Bitcoin will remain legal in India while the government works on regulations, a minister has said in new positive comments on the fate of the industry.
FINANCE MINISTER: BITCOIN REGULATIONS COMING
Responding to a request for clarity on the state’s view of cryptocurrency, Anurag Thakur, India’s Minister of State for Finance & Corporate Affairs, firmly denied any token was illegal.
The comments contradict the content of an alleged draft law which surfaced last week, which outlined plans for a blanket ban on cryptocurrency and prison sentences for its use.
The document, which appeared online from a local lawyer, appeared to form the basis of the queries to Thakur, who nonetheless did not refer to its contents explicitly.
“No, Sir,” he replied when asked whether the government “has prohibited cryptocurrency.”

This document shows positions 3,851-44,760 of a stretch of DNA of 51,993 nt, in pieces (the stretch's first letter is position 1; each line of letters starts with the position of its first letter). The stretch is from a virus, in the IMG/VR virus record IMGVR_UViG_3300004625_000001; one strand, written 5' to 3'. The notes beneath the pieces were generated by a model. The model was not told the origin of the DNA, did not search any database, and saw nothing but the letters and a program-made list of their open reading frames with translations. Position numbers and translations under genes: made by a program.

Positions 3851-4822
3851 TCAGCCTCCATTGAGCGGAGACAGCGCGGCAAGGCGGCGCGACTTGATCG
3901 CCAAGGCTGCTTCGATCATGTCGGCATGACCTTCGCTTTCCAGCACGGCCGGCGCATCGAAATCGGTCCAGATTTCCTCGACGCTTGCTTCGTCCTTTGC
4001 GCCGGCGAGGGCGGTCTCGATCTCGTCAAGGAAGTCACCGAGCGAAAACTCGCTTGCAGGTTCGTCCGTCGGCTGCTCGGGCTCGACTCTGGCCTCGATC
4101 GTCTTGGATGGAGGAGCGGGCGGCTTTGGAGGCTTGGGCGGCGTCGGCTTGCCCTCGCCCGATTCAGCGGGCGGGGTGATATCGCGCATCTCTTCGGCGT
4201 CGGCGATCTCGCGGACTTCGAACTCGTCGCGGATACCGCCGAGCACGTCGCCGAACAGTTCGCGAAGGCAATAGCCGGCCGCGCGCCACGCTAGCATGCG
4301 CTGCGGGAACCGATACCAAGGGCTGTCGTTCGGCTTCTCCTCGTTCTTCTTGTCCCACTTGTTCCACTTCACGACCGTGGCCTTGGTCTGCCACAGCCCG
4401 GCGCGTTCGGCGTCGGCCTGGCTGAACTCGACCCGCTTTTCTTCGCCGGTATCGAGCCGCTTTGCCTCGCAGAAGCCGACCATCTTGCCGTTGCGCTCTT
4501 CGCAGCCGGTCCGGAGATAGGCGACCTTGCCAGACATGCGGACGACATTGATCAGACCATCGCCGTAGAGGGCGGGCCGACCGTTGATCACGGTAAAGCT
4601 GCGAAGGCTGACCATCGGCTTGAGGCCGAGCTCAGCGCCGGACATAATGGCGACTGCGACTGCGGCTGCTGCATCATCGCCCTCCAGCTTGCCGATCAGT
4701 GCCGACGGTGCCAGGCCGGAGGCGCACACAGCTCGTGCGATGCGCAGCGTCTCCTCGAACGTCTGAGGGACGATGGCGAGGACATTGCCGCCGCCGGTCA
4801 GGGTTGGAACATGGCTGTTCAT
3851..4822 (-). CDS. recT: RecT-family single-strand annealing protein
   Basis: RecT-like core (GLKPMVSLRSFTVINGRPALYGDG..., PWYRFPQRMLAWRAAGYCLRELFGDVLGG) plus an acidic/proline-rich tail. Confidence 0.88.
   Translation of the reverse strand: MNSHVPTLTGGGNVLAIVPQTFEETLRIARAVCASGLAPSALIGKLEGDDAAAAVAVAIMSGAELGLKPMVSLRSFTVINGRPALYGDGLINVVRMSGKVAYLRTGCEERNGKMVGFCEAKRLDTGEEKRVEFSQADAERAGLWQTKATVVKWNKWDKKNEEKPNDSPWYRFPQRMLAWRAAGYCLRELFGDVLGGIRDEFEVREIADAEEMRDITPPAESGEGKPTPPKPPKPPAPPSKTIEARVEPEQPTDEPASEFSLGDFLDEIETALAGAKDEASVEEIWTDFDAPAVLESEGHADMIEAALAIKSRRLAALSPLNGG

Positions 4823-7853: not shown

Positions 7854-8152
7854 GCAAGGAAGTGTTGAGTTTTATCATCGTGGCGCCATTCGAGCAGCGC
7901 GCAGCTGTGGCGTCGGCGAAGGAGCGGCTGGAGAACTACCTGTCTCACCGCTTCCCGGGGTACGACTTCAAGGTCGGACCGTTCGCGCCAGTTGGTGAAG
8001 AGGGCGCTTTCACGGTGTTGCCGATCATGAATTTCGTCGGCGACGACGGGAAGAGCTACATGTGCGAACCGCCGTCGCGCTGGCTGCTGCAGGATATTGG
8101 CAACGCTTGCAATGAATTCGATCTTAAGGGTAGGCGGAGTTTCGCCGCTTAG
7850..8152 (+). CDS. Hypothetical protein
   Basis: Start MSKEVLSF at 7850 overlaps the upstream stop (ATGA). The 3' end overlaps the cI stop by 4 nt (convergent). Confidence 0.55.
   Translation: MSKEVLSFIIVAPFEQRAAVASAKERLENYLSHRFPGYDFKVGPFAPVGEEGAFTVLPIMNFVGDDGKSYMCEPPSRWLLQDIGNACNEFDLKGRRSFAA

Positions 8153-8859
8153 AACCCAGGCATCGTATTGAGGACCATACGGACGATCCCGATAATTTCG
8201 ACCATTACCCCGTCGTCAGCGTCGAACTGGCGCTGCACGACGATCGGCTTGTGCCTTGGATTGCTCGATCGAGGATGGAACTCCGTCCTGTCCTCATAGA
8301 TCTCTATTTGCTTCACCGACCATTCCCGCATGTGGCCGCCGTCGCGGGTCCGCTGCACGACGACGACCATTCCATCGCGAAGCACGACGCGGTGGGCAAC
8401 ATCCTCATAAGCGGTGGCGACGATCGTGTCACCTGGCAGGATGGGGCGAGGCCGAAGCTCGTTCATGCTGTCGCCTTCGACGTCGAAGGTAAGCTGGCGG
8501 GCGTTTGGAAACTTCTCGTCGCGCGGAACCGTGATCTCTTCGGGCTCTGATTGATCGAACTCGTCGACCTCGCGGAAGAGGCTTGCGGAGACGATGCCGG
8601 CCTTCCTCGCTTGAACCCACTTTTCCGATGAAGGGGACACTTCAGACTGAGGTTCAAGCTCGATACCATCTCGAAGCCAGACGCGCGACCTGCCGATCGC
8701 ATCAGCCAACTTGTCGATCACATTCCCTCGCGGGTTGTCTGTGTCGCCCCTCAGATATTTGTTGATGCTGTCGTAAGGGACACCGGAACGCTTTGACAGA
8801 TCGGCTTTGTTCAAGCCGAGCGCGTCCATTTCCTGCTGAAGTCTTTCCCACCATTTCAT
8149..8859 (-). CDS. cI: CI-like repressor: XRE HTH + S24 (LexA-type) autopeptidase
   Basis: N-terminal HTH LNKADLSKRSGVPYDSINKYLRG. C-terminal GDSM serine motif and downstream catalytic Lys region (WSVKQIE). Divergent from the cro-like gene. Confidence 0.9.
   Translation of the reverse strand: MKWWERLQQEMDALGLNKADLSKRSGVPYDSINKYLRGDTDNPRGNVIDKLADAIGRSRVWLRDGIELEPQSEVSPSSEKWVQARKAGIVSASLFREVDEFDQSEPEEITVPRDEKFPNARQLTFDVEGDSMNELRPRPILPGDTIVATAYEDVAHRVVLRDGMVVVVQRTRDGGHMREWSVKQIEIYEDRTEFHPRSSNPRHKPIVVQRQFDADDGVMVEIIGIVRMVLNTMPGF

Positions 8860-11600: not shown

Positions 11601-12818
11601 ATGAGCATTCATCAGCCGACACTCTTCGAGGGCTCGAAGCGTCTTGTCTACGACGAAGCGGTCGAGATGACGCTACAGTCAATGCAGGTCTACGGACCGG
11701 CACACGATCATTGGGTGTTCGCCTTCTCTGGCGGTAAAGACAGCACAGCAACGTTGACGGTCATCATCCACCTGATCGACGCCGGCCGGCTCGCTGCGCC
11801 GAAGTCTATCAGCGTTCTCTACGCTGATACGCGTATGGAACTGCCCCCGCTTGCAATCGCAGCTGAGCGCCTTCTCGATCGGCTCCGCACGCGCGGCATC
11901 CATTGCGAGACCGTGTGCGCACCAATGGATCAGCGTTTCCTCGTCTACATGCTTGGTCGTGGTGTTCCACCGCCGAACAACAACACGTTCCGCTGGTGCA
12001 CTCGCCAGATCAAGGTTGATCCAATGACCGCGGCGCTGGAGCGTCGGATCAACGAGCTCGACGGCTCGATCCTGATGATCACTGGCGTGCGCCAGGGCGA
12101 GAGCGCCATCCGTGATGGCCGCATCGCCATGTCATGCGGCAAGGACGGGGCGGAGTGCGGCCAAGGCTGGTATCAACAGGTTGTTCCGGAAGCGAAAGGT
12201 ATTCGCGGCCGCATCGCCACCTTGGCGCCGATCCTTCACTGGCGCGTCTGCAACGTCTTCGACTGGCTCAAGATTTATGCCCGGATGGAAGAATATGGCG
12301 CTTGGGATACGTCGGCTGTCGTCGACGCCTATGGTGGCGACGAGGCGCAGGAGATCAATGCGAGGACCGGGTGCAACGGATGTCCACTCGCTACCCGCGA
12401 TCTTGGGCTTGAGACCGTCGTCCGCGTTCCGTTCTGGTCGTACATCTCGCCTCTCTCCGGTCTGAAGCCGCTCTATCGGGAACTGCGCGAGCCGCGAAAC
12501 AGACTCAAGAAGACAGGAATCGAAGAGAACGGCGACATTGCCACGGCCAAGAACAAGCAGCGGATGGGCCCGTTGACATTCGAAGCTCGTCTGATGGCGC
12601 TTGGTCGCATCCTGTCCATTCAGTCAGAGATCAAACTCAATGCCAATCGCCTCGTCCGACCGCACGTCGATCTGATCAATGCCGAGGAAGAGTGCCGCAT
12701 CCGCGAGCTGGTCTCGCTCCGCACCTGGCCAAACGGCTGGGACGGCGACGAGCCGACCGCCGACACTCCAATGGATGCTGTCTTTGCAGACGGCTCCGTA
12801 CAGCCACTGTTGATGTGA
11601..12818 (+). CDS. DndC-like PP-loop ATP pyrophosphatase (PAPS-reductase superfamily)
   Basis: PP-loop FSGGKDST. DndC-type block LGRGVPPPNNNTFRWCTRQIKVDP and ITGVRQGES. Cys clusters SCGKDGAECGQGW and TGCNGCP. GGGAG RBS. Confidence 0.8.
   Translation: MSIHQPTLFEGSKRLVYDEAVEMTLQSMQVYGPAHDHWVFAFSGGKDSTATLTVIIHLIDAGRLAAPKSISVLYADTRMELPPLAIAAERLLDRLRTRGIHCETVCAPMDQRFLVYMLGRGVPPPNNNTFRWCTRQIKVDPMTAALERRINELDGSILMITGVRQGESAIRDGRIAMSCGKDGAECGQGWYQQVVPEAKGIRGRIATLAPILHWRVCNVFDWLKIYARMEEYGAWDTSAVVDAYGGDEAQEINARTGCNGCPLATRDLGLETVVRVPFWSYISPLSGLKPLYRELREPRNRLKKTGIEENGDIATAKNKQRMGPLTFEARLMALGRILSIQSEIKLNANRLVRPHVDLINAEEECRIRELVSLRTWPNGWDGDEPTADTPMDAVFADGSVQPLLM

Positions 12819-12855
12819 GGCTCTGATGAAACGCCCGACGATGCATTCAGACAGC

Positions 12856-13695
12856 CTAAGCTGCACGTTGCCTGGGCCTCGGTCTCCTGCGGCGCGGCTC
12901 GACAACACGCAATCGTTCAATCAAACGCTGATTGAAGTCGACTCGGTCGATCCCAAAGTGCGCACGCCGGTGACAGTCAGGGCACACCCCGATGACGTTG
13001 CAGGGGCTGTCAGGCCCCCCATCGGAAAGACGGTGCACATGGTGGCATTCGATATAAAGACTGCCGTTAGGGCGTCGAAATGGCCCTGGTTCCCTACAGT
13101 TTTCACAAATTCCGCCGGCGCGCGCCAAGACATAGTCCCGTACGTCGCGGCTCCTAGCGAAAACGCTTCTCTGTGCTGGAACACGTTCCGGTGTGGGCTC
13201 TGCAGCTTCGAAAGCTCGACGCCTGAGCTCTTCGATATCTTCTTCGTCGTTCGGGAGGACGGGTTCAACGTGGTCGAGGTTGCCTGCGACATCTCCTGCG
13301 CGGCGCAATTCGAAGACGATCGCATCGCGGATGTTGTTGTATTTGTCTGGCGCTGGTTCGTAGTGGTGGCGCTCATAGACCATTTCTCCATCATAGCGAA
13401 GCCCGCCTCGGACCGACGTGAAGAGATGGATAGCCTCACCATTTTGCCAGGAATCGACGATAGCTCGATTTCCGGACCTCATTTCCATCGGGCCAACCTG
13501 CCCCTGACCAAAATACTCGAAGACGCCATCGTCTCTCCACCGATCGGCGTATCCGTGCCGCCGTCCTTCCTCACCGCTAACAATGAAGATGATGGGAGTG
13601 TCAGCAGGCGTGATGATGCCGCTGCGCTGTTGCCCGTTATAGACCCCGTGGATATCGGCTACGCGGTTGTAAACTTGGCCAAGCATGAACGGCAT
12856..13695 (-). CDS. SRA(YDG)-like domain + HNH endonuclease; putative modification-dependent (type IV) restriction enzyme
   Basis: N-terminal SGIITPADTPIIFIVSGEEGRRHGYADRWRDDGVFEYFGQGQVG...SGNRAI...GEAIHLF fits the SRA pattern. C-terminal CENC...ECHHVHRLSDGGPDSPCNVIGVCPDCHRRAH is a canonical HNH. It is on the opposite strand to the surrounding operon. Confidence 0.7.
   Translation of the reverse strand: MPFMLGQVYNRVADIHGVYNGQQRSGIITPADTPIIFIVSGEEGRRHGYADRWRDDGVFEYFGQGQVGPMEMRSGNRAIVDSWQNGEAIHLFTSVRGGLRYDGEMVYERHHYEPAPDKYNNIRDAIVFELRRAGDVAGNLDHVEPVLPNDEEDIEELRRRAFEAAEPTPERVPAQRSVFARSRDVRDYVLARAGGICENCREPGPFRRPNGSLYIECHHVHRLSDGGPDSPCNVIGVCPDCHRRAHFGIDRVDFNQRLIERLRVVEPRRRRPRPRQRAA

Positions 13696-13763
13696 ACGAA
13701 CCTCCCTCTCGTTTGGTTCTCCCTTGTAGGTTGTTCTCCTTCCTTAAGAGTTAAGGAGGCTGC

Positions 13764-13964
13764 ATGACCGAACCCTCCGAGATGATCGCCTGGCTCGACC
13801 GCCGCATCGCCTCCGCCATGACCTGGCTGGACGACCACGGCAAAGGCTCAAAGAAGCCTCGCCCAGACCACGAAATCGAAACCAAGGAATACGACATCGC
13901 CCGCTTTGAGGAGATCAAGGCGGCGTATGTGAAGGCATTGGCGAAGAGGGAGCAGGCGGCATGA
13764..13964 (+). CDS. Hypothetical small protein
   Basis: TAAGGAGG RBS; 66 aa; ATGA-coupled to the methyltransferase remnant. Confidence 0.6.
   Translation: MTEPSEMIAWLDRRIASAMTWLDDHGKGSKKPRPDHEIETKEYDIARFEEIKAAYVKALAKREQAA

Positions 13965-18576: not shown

As Bitcoinist reported, India continues to find itself in a state of flux after highly-mixed messages from authorities and the central bank.
In July 2018, the Reserve Bank of India (RBI) forbade banks from serving cryptocurrency businesses, resulting in shutdowns for some and exodus overseas for others.
The draft bill, which has not seen recognition, made further reference to the creation of a digital rupee, which its author or authors said would become India’s only legally-allowed domestic digital currency.
The industry has meanwhile sought to overturn the RBI ban via the courts, a process which appears to have run into multiple delays.
‘CAREFUL STEPS FORWARD’
Summarizing, Thakur struck a cautious tone, signaling that existing rules applied to cryptocurrency while Delhi thrashed out new regulations.
“Similarly, police/courts take action on IPC offenses. Further, in view of the risks and dangers associated with cryptocurrencies, Government and RBI have been issuing advisories, press releases, and circulars to the public.”
His words saw a warm welcome among the local cryptocurrency industry, with Nischal Shetty, CEO of exchange WazirX, saying the government was taking “careful steps forward.”
The government saw direct backlash when the draft law emerged, with investor Tim Draper openly calling it “pathetic and corrupt” for allegedly suggesting the ban.